October 9th 2016 my alarm goes off at 3 am, not that I needed it, there’s no sleeping the night before Ironman. With my wife in tow we headed to transition to check bags, air up the tires and get my numbers put on. Now we just wait in a very long line for the start. All of my family and friends showed up to cheer me on. I Came out of the water at 1:09:12 and headed to T1 made great time and got on the bike, which is definitely my strong suit. My ride went great, after all I had rode this course for months, I finished it in 5:45:01, now I was on track to finish in less than 12 hours, if I could keep up the momentum going into the run. My run was pretty solid, my heel didn’t seem to be causing me any trouble and the crowds cheering were keeping me pumped. 11:39:11, I did it, I finished in under 12 hours on my first ever full Ironman. I did it, I did what everyone said I couldn’t do, I went from being obese with high blood pressure and high cholesterol to being a healthy happy fit Ironman.

I would like to thank my wife, kids, and my parents for all their love and support. Thanks to all the Landsharks who helped keep me motivated and on track with all my training. I could not have done this without the support of so many great people.

ever full Ironman. I did it, I did what everyone said I couldn’t do, I went from being obese with high blood pressure and high cholesterol to being a healthy happy fit Ironman.

I would like to thank my wife, kids, and my parents for all their love and support. Thanks to all the Landsharks who helped keep me motivated and on track with all my training. I could not have done this with out the support of so many great people.

              


Rebecca Bryant

First, I am a Volunteer. At least that is what I used to say as I volunteered for Bike to Beat Cancer with Norton Healthcare and Ironman Louisville in the Norton Medical Tent.  That was before I had my husband, Jon Bryant, volunteer with me. When he moved from the volunteer role to athlete, I was supportive in all the events.

That is how I came to know the Landsharks. Last year, after making some changes, I decided that I could “run”. The support of the group was so overwhelming for Jon and I felt the excitement when I ran the Louisville Triple Crown and KDF Mini Marathon. During the ½ marathon, numerous Landsharks were so supportive along the way. As I was nearing the end of the ½ marathon, another Landshark doing the marathon rounded the turn and yelled out support which kept me going!

In addition to my running this spring, I bought a road bike and am starting to ride. The support has been great all along my path and with YOUR encouragement, I anticipate doing more.

              


Pete Eddington

Two years ago, a couple of wise guy friends convinced me I could complete “Race The Bridge” Triathlon. The only thing I had ever competed in was obstacle races. Somehow, they convinced me I could do it although I had NEVER swam 1 single lap in my life. A pair of $5 goggles, a rented wetsuit, and a borrowed bike later, I was staring at the Ohio, thinking it's at least 5 miles to those buoys and back.

I made it about 75% of the way to the first buoy with a combination of freestyle, backstroke, and a couple of strokes yet to be identified. I was never so happy in my life to see the Po Po and share a boat for the next 40 minutes. Very embarrassing to say the least.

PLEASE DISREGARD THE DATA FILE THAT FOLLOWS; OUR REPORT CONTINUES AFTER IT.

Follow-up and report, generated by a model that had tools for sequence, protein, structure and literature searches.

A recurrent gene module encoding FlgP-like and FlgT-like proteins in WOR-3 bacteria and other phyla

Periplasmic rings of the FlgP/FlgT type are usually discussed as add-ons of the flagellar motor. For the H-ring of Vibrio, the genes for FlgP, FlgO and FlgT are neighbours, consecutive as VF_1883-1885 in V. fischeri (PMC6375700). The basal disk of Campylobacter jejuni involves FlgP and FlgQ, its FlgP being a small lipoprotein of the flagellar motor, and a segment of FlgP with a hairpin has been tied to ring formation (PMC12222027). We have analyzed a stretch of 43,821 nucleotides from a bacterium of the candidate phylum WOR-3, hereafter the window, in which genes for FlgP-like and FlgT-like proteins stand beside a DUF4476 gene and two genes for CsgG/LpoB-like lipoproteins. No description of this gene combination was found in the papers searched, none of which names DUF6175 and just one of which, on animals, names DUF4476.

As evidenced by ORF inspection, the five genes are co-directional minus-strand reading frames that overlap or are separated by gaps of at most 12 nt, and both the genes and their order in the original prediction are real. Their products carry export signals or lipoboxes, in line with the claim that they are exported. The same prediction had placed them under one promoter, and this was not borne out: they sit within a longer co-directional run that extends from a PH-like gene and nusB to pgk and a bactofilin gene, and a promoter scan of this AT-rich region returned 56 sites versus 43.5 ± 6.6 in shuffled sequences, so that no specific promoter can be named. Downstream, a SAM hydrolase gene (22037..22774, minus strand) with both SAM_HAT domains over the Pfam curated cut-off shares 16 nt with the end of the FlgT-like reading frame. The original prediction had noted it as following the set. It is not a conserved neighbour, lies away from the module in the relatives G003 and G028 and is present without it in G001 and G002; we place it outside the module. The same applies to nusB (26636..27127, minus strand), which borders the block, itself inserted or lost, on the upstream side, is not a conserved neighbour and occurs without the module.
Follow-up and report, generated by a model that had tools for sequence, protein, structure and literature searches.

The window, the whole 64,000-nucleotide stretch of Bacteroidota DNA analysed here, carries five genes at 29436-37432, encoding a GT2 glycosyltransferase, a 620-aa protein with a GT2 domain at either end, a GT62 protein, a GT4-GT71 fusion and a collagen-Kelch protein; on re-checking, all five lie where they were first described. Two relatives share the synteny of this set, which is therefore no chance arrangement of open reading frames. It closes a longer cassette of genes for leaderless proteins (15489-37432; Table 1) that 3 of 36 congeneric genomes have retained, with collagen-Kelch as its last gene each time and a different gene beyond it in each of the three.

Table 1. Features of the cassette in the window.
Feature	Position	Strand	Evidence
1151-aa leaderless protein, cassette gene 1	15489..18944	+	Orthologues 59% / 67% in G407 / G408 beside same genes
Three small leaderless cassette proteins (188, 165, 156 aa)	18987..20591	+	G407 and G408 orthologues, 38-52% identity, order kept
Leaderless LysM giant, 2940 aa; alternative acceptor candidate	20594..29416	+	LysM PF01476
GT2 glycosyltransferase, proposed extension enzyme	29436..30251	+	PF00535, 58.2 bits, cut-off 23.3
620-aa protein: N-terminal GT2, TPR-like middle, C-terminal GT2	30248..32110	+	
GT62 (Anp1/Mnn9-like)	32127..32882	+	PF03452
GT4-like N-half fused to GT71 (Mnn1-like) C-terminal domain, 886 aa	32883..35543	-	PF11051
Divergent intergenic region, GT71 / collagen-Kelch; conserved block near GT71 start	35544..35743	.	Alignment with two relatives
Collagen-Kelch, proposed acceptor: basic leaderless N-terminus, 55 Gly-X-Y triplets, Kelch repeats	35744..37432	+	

Since that day my friends have moved out of town. A few swim lessons with Mike Jotautas started me swimming good enough to get completely caught up in this sport. Still lots to learn for me with swimming though.

Currently, I run, bike, and swim 7-12 hours per week and I'm not sure what the limit is yet but I look forward to challenging it and hope to conquer the Ohio this year in the Tri Lou Olympic and then to Muncie for a unique distance race in September.

May 2016

Leigh Clark 

How long have you been involved in Multisport? 

I did my first Sprint Tri last year at Tri Indy. I also finished a duathlon at Tri for Sight. 

What discipline do you find most challenging?

I need to greatly improve my swimming. As I'm finding, this is the discipline most adults new to tri have a hard time with. I took a few lessons at the Y, but further instruction will be needed to reach my goals. 

What achievement are you most proud of and why? 

A few years ago, I reached almost 300 pounds on the scales. As a nurse, I was a fairly active person but I could tell the weight was starting to hold me back physically and socially. I had weight loss surgery in December of 2013. As you may or may not know, surgery alone is not the answer. It still requires commitment and hard work to be successful. My husband committed to a lifestyle change with me and we were on our way. We changed our eating habits and joined the gym. I lost 130 pounds in about 15 months. Along the way, I discovered the love of running. I trained for and finished two half marathons last year and a sprint tri and a duathlon. I'll be running the Kentucky Derby Marathon this year. I'm not in any hurry, so my only goal for this tri season is to do an Oly.

What motivates you?

I'm motivated by how good I feel physically and mentally when I achieve the goals I set out to do. And the calorie burn, for sure!

What advice would you give to anyone just getting started? 

Get involved. This is the advice I need to follow for myself. It can be intimidating to put yourself out there, but if you don't you won't find the community you're looking for. The community is what and who will help you be successful. I learned this when I stepped out of my comfort zone and joined my first running group. Though I only have a goal of an Oly this season, I would like to be involved in training groups and as a volunteer at Landshark events and races this season. Oh, and I'm a back of the pack gal and I'm going to need company, so don't let your idea of being too slow keep you from joining in! 


April, 2016